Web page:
Emotional eating can affect one’s mental and physical health. Learn what’s needed to put food back in its proper place.
Everyone has an emotional relationship with food, according to Stephanie M. Smith, a clinical psychologist at Kaiser Permanente South Sacramento.
That relationship is only a problem when it becomes emotional eating. Signs include eating when not hungry, feeling embarrassed being seen eating, craving comfort foods, eating “mindlessly,” or eating past the point of feeling full.
Identifying emotional eating is one thing; getting to the root of it is another. Learn more from Dr. Smith.
How does emotional eating begin?
It often develops in childhood, if one is anxious, hurt, or not feeling in control. Food is our first sign of being loved. If we don’t know any other way, then food can be our only love. Emotional eating is a way to cope, and it may be triggered by many stressors in life — conflict, being a primary caregiver, financial issues, or any sort of difficult circumstance.
Often the people who emotionally eat are the ones keeping it together in other parts of their lives. They are the social hubs, manage things at home, take on hard projects, and may do the emotional labor in relationships. Then they use food to push down their own unaddressed needs.
Like all eating disorders, data skews toward women. However, emotional eating is a coping strategy used by many men and boys, as well. Perhaps because men are often made to feel that they are not allowed to feel what they feel, food can be their companion and means of connection.
What is the initial approach to addressing it?
There needs to be the recognition that there is an emotional root to the eating behavior, and then exploration of what is behind the eating. This may be a realization that certain things trigger emotions, such as the anniversary of a death, work stress, or especially challenging people. Once a person knows their triggers and how they make them feel, the connection to food behaviors becomes much clearer.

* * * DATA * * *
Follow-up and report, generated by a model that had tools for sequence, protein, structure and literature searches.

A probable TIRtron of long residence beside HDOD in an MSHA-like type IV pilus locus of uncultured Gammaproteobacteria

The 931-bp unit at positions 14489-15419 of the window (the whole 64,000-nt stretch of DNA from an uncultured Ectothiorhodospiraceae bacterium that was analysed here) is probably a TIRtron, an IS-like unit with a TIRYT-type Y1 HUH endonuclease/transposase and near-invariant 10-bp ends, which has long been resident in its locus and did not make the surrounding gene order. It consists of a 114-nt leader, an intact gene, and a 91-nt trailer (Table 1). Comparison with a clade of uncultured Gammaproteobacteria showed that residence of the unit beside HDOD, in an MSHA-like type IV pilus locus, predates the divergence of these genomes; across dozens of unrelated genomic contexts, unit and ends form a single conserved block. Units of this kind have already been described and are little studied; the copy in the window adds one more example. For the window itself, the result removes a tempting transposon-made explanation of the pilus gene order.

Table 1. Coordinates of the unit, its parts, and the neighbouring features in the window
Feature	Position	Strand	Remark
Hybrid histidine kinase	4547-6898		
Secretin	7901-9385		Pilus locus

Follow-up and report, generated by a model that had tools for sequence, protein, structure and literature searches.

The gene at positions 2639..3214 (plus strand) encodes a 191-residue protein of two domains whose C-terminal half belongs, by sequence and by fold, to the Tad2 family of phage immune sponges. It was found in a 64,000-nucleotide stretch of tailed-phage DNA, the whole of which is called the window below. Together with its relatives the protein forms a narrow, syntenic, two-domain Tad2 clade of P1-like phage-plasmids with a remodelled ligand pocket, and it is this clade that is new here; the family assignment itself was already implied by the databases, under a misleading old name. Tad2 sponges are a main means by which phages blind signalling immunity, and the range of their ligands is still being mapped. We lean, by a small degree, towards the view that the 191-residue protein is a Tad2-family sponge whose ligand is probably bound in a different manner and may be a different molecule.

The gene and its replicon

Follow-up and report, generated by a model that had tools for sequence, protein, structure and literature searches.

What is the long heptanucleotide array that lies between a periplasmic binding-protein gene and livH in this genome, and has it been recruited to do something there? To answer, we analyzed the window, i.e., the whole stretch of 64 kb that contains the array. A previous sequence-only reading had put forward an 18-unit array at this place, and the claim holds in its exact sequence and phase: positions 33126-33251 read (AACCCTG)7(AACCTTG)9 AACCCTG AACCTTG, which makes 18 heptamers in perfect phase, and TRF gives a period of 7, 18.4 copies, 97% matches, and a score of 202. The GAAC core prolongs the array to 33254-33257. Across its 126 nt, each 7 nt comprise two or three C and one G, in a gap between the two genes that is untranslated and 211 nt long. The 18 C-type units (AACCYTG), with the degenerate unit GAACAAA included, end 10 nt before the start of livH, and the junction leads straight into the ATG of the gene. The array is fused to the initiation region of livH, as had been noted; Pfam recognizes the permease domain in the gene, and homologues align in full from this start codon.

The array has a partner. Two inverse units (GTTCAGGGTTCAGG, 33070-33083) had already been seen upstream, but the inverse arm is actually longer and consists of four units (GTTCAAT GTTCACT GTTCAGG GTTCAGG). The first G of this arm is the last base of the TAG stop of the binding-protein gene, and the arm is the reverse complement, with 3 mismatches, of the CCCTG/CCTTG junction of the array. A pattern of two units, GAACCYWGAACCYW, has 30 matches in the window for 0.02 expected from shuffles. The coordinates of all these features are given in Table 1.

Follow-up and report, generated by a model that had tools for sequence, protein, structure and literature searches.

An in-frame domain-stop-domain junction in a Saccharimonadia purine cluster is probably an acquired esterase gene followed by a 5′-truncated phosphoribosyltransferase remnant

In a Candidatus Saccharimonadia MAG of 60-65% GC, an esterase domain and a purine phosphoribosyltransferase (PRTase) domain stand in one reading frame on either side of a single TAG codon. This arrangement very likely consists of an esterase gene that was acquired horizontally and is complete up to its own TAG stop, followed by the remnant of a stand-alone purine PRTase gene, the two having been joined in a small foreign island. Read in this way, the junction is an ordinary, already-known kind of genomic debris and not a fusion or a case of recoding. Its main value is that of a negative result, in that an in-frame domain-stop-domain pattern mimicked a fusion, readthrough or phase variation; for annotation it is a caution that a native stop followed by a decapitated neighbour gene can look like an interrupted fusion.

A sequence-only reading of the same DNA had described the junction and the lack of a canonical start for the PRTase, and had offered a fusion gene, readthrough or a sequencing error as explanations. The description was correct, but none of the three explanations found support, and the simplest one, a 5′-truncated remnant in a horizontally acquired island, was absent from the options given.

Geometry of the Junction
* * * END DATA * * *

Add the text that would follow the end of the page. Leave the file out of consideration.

How does change begin?
It begins through self-awareness and self-compassion. We look at new ways of managing feelings. How can you spend time, money, and energy on feeling good?
In some instances, we remove the go-to foods for emotional eating from someone’s life. If you binge on ice cream when you are stressed, it may be best to not have it around and instead have healthy foods you enjoy on hand. Sugar and some fats are addictive and act like pain-killers in the brain. Instead of using these foods to cope with pain, it’s helpful to get to the source of the pain and actively address or cope with it.
With time, change may include having assertive communications with people, taking meds if prescribed, and exercising. It may mean saying good-bye to some unhealthy relationships but starting new, good ones — a lunchtime salad group or a walking club.
What may surprise us about emotional eating?
It is very akin to other sorts of addictions, in that it is an unhealthy coping strategy that can become a pattern that may seem impossible to control. But people can manage this behavior. The instinct to numb emotion with food will always be there, but we can learn not to act on that instinct.
Also, it is heart-breaking to learn just how much shame many emotional eaters have about themselves. Emotional eaters are not lacking in discipline or lazy. They are responsible people who are too used to pushing down their own needs. While others may have struggles invisible to the outside world, this group of people is often overweight and may be forced to wear struggles on the outside for all to see.
What are resources for help?
See your general practitioner, who can connect you to a therapist. If possible, work with someone who specializes in binge or emotional eating. There are lots of books on the topic, as well. Finally, the Binge Eating Disorder Association has valuable information.